The Coward

by Cerrid Wynn

George was the biggest coward alive. But he was too afraid to admit it. But that therein was his cowardice. He couldn't face the truth. He couldn't face his weakness. It made him uncomfortable, the thought that he might need to change.

It was why he couldn't hold down a job. He'd sooner quit, or do something to get himself fired than to try to resolve interpersonal conflicts with his co-workers. Learning to recognize other people had ideas and voices too, some contrary to his own made him insecure. He hated to be wrong.

It was why he was evicted or chose to move over and over and over again. He couldn't talk to a Landlord and admit he needed more time. He'd rather duck them, avoid talking to them, or lie to them outright in order to buy more time, rather than be honest and try to work something out. He couldn't follow through on a promise to pay to save his life. Being unable to hold a job tended to have that affect on bills. He was afraid if they knew he didn't have a job they wouldn't work with him.

It was why he left the country. Heaven forbid he admit that he'd fucked up in his marriage, at least as much as his ex had. His idea of conflict resolution was to try to bully his ex-wife into submission with words and threats, rather than appear weak and give any sort of ground towards compromise. And he'd be damned if he paid any child support. He was terrified she'd go after it, so he had to leave.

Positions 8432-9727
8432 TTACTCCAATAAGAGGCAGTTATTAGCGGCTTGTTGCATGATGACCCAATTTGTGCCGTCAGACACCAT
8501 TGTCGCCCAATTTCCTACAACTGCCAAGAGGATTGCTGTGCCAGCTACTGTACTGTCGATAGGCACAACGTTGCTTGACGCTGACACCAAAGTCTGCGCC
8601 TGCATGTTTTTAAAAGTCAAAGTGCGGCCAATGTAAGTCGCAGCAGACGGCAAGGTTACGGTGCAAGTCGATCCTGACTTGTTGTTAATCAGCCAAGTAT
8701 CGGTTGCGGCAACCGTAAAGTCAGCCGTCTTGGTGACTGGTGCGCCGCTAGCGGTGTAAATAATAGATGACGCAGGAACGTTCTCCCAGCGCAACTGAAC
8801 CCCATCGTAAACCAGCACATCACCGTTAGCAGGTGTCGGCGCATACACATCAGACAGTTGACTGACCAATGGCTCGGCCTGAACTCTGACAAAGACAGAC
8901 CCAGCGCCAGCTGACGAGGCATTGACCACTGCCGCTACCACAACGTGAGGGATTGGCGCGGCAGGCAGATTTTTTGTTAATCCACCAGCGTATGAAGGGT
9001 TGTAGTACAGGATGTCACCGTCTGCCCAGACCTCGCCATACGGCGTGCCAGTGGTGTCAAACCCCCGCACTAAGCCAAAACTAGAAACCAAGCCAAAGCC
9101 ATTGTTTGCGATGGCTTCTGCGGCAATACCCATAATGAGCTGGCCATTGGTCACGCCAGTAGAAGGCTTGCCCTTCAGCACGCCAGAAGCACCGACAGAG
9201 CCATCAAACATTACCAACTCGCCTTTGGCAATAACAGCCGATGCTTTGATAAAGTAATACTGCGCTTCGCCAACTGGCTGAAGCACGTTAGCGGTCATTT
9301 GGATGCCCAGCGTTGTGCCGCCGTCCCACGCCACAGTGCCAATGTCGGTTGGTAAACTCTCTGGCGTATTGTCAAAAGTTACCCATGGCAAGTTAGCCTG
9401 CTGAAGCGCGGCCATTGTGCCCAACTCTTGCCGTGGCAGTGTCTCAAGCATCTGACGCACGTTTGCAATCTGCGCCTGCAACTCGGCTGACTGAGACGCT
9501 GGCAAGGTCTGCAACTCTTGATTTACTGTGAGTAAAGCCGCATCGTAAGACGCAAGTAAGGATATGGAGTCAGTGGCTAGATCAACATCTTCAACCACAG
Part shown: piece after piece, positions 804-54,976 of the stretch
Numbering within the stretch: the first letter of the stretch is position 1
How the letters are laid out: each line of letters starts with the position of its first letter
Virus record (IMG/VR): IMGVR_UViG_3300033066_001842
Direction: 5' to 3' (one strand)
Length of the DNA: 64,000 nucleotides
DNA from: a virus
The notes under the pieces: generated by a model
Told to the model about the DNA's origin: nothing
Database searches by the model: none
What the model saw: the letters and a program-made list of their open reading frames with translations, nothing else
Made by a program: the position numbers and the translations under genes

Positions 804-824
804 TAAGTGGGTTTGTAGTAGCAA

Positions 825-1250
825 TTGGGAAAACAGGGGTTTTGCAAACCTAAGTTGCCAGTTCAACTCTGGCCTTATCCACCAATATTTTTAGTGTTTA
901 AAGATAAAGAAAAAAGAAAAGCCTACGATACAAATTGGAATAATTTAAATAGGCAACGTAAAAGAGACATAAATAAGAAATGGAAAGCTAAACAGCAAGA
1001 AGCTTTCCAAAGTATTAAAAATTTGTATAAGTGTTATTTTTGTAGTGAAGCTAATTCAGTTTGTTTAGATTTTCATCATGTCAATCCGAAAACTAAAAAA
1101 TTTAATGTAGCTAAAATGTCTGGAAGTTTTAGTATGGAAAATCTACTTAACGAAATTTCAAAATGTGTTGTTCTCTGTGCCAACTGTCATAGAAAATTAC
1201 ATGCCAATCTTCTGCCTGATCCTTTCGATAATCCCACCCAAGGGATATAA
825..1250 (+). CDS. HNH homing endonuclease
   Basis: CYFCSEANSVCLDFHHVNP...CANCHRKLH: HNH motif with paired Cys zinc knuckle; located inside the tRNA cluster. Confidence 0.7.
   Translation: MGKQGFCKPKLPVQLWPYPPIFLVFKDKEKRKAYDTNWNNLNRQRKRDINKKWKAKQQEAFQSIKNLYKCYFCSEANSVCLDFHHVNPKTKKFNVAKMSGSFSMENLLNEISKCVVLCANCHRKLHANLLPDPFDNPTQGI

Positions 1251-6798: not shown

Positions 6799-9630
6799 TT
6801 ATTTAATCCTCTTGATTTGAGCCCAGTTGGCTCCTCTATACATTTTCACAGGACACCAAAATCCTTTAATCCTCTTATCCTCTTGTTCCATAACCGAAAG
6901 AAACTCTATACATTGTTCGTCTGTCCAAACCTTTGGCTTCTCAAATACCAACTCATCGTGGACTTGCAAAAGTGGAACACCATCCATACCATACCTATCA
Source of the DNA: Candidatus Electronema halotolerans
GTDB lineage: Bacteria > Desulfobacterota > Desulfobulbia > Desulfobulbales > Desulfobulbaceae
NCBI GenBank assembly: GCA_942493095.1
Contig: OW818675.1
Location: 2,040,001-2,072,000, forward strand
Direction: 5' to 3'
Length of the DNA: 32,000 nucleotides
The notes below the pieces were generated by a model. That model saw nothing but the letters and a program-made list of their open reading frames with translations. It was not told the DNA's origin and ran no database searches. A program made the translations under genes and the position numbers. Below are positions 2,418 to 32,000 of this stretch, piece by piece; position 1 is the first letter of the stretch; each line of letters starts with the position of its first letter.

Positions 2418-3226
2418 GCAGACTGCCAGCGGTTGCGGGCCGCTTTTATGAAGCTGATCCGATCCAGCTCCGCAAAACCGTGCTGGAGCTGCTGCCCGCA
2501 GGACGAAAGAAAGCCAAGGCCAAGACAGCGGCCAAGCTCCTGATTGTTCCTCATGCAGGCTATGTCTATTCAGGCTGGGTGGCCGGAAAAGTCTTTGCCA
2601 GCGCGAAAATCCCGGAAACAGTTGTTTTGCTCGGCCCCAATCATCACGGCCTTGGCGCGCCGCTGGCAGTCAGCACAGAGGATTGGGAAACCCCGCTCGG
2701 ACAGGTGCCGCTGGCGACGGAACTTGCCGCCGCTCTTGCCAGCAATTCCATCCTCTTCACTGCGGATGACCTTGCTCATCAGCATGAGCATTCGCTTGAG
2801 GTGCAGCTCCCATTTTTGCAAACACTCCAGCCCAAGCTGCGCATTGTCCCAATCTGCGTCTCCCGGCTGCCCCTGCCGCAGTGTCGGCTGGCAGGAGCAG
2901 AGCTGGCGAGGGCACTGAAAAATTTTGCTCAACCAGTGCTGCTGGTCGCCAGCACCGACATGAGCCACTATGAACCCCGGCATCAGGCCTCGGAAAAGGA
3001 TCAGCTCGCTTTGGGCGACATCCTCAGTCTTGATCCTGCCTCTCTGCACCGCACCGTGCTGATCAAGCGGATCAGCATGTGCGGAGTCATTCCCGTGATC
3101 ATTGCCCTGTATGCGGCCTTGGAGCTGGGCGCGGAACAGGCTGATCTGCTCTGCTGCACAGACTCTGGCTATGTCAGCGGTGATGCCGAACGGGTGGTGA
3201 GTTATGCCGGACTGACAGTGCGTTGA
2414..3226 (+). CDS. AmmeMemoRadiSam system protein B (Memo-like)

It was why he chose not to be a part of his children's lives. He couldn't face them, when they would eventually ask him why he always had horrible things to say about their mother and her family... their family. Or when they asked why he chose not to live close enough to visit, or why he didn't call when he was allowed to. He couldn't face them when they asked why he sent flowers to the oldest for her birthday, but sent little or nothing to the rest of them. He wanted them to believe he was perfect, and that their mother prevented him from being an active participant in their lives. He didn't want to admit that it was too much work and too frightening to have to try to be amicable with their mother to arrange visitation. That would make him look weak. He wasn't going to pander to that bitch. he was too strong for that. Visitation was on his terms or no terms at all. Fuck the court order. He was afraid they would see through his lies.

Most of all he was afraid someone would see his cowardice, and that they would make him look at it. It was easier to believe his employers were unfair, and his work environments caused him undue stress, affecting his health. It was easier to tell himself his landlords were stripping him of his rights, to claim he was paid on his rent, and he had no idea why the locks were changed. It was easier to believe his ex-wife was a bitch, the court system was rigged in her favor. It was easier to believe his current wife, the one he was dragging through all of the same messes, because he didn't want to face the truth, was so much better than his ex-wife. Heaven help him if his wife ever saw through it. No. No. He had a plan for that too. If she saw through it, it would be her own fault. It would mean she was too weak to do the right thing and put up with him. It would mean she couldn't support the dreams he built for himself on his falsehoods. It would be her fault if she left. It would be because she was a coward, not him. She would be the liar for saying she loved him.

He was the strong one, the brave one, the honest one. He had no use for the coward in the mirror. As long as he didn't look, he didn't have to admit it was him. His plight would forever remain everyone else's fault, and he could happily exist in his comfort zone, ignorant of being the biggest coward alive. He hated cowards.